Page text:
On the evening of June 17, 2015, Dylann Roof, a 21-year-old baby-faced white supremacist, walked into a prayer group at the historic Emanuel African Methodist Episcopal Church in Charleston, South Carolina. After sitting quietly for nearly an hour, he stood up, pulled out a handgun and murdered nine parishioners.
Two years later, the church announced plans to construct a memorial to honor those who died. “This memorial on the grounds of the church will help keep the memory of the Emanuel 9 alive and honor the resilience of the families, survivors and church members,” declared pastor Rev. Eric Manning. Over the next three years, church members and residents struggled with the question: How do you create a memorial that educates the public while healing the pain of the survivors and their families?
Church parishioners were not the first to struggle with that question. Since the 1960s, the United States has experienced a groundswell of public memorializing rivaled only by the period following the Civil War. This new culture of commemoration has been defined by a steady trend toward democratization of memory. Many modern memorials often honor individuals, not great leaders. They serve as a place where survivors and families can find healing by acknowledging the awful wrong that was committed, allowing memory to play a part in the healing. At the same time, these memorials offer moral education to those who visit, building an emotional bond that speaks to strangers in the inaudible dialect of the heart.
Honoring Not Just the Leaders
The trend toward democratization of memory began with the dedication of the Vietnam Veterans Memorial in 1982. Although it sits in the immediate orbit of memorials to great men—George Washington, Thomas Jefferson and Abraham Lincoln—architect Maya Lin chose a minimalist design that honors the rank-and-file soldiers killed in the conflict by chiseling their names into the polished black granite of the memorial’s wall. It was the first time in American history that a monument listed all those who died. The memorial honors the war dead, but not the war. The names are listed by date of death, not by rank.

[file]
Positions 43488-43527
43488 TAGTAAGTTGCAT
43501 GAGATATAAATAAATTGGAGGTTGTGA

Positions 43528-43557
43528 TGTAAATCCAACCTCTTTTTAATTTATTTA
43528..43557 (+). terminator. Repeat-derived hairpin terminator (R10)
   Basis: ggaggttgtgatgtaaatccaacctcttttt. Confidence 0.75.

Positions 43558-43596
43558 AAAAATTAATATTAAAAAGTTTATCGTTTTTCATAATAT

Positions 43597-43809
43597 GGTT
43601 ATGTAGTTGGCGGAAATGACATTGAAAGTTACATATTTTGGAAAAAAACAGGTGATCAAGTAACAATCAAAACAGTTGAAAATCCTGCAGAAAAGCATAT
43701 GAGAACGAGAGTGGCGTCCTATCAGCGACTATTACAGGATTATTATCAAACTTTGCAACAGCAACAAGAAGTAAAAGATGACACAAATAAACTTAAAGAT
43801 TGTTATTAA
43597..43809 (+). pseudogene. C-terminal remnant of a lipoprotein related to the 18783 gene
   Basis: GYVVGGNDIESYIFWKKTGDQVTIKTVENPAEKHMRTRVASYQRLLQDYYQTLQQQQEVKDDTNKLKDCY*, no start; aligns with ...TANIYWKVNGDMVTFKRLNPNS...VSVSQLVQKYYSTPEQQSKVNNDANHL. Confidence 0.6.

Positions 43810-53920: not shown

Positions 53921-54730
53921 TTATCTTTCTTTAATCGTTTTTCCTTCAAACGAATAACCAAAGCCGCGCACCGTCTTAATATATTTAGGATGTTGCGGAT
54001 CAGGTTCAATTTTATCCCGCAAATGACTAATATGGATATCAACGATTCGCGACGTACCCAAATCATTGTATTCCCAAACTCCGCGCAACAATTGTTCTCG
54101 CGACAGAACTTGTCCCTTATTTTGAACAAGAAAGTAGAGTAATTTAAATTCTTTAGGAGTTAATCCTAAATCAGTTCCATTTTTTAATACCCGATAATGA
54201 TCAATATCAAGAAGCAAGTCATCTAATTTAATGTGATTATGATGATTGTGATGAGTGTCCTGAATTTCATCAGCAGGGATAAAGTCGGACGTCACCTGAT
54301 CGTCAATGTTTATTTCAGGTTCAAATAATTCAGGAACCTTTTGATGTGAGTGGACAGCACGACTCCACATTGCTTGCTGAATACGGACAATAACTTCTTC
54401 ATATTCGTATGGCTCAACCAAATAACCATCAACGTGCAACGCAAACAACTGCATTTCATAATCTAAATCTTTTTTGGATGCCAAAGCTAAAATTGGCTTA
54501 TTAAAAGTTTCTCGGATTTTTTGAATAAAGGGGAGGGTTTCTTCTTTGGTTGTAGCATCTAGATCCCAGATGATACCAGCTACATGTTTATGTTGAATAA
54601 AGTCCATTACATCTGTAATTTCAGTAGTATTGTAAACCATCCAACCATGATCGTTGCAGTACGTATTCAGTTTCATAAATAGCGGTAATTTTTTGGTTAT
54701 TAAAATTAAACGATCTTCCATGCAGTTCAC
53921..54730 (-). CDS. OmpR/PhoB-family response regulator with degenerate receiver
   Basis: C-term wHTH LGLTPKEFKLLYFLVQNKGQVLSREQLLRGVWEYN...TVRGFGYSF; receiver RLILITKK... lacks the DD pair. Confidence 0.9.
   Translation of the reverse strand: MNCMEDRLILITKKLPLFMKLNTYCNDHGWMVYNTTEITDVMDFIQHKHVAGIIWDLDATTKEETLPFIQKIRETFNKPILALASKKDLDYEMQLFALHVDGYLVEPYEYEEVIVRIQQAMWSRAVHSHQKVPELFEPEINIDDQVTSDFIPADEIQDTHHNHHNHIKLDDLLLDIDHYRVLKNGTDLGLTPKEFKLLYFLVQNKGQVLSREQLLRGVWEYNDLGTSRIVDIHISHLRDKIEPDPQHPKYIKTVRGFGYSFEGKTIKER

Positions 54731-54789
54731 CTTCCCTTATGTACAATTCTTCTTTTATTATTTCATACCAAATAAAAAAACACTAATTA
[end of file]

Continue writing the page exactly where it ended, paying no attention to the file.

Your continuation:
Lin’s approach became a model for many future memorials. In the 1990s, gay-rights activists took a similar approach when they created the AIDS Quilt, which consists of 46,000 individually designed panels that paid tribute to those who died during the epidemic. The Oklahoma City National Memorial, built to honor those who died in the 1995 bombing of the Alfred P. Murrah Federal Building, consists of bronze-and-glass chairs in a field representing each of the 168 people who died. The smaller chairs are for the children who perished in the blast.
Elements of the new democratic style can also be found in the National September 11 Memorial, designed by Israeli architect Michael Arad and landscape architect Peter Walker. Their design consisted of two large pools with the largest man-made waterfalls in the United States covering the original footprint of the World Trade Center. Like Maya Lin, Arad made those who died central to his design, inscribing their names into the 152 bronze panels edging the giant memorial reflecting pools. The names are organized based on “meaningful adjacencies,” so they are listed near people with whom they worked and likely died.
Facilitating Emotional Connection